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‹ Flicks with The Film Snob

High Hopes

February 27, 2022
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High Hopes
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Mike Leigh’s 1988 breakthrough film already contains what makes him great: working class issues, funny believable characters, and a fine sensitivity for the miseries of family life.

For decades I’ve been enjoying and writing about the films of English director Mike Leigh: Secrets & Lies, Topsy-Turvy, Vera Drake, these are just a few examples. But it was only recently that I watched his breakthrough film, the movie that essentially brought him to the attention of the world, from 1988: High Hopes. It seems to me that High Hopes provides something of a key to Leigh’s work.

Cyril and Shirley are a leftist working class couple living in London, and getting by on low wage jobs. Cyril, played by Phil Davis, is a Marxist intellectual who’s become embittered about the possibility of change in the era of Margaret Thatcher. Shirley, played by Ruth Sheen, shares his radical orientation, but she is more practical, more positive, and very funny. They are good caring people who sometimes quarrel like most couples. Cyril’s elderly mother, played by Edna Doré, lives in her own flat and seems permanently depressed, her cognitive abilities and energy clearly at a low ebb. Cyril and Shirley try to be helpful to his mom, but she tends to resist help. Cyril’s sister Valerie, played with manic intensity by Heather Tobias, puts on a big show of loving their mom and doing nice things for her, but her constant annoying giggle fails to conceal her unacknowledged rage. She’s married to a cynical and abusive used car salesman, a real creep named Martin, played by Philip Jackson.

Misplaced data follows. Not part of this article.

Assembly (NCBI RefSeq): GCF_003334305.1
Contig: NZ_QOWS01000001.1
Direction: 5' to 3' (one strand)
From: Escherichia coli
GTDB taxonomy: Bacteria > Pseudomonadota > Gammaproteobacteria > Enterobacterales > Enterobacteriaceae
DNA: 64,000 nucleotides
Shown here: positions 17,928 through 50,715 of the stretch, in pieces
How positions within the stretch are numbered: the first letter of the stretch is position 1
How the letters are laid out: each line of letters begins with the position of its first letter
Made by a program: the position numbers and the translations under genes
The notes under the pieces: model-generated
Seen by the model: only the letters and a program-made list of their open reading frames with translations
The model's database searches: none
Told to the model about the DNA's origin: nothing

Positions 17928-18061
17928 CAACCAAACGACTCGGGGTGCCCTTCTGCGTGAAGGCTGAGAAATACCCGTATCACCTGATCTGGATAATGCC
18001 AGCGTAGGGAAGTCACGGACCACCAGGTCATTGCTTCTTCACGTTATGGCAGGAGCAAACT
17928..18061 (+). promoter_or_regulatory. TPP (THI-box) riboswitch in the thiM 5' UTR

These are the five main characters, but there are others with scenes that are funny and significant. The mother’s next-door neighbors become involved when she locks herself out of her flat. These neighbors are hilariously clueless upper class twits played by Lesley Manville and David Bamber. They temporarily take over the film.

One of the things this movie made me realize is that even though Leigh’s characters tend to be “oddballs” and eccentrics, and the minor ones are often outrageous (but funny) caricatures, they all look more like people I know or see in everyday life than the sanitized, superficially flattering versions of ourselves that we see in most films and TV. In Hollywood terms, Ruth Sheen, for instance, looks awkward and ungainly, but she is the one performer in the film that you will remember most of all, because she plays such a genuine good person. After awhile you lose that initial awkward impression and accept her and her pleasant looks like you would real people you might know.

As in many of Leigh’s films, High Hopes is centered on working class issues. The frantic yuppie Valerie and her craven husband represent the emptiness of consumer society, and the upper class twits are utterly self-centered. But the movie doesn’t idealize the central couple. Cyril feels too powerless and disgusted to stay involved in activism. And he rejects Shirley’s desire to have a baby because the world is too corrupt to raise a child in. This conflict between them, which keeps recurring, happens within a real loving relationship, so it doesn’t break them. But it’s poignant. The plight of the elderly mother evokes some deep sadness. Why her life has disappointed her we never learn completely, although there are clues. But Leigh takes the time to present the chaos in her insane family from the old lady’s point of view, and it is tremendously moving.

The writing is witty and thoughtful, and it should be noted that, as in all Leigh’s films, the actors helped write their own dialogue. It’s rare also to see an essentially comic film have an impact as a good domestic drama as well. High Hopes is fresh and raw, maybe not as smooth as some of his later films, but I just love it. It sums up a lot of what I love not only about this director, but about how great film can be.


TAGS
family,   Marxists,   old mother,   satire,   working class,  

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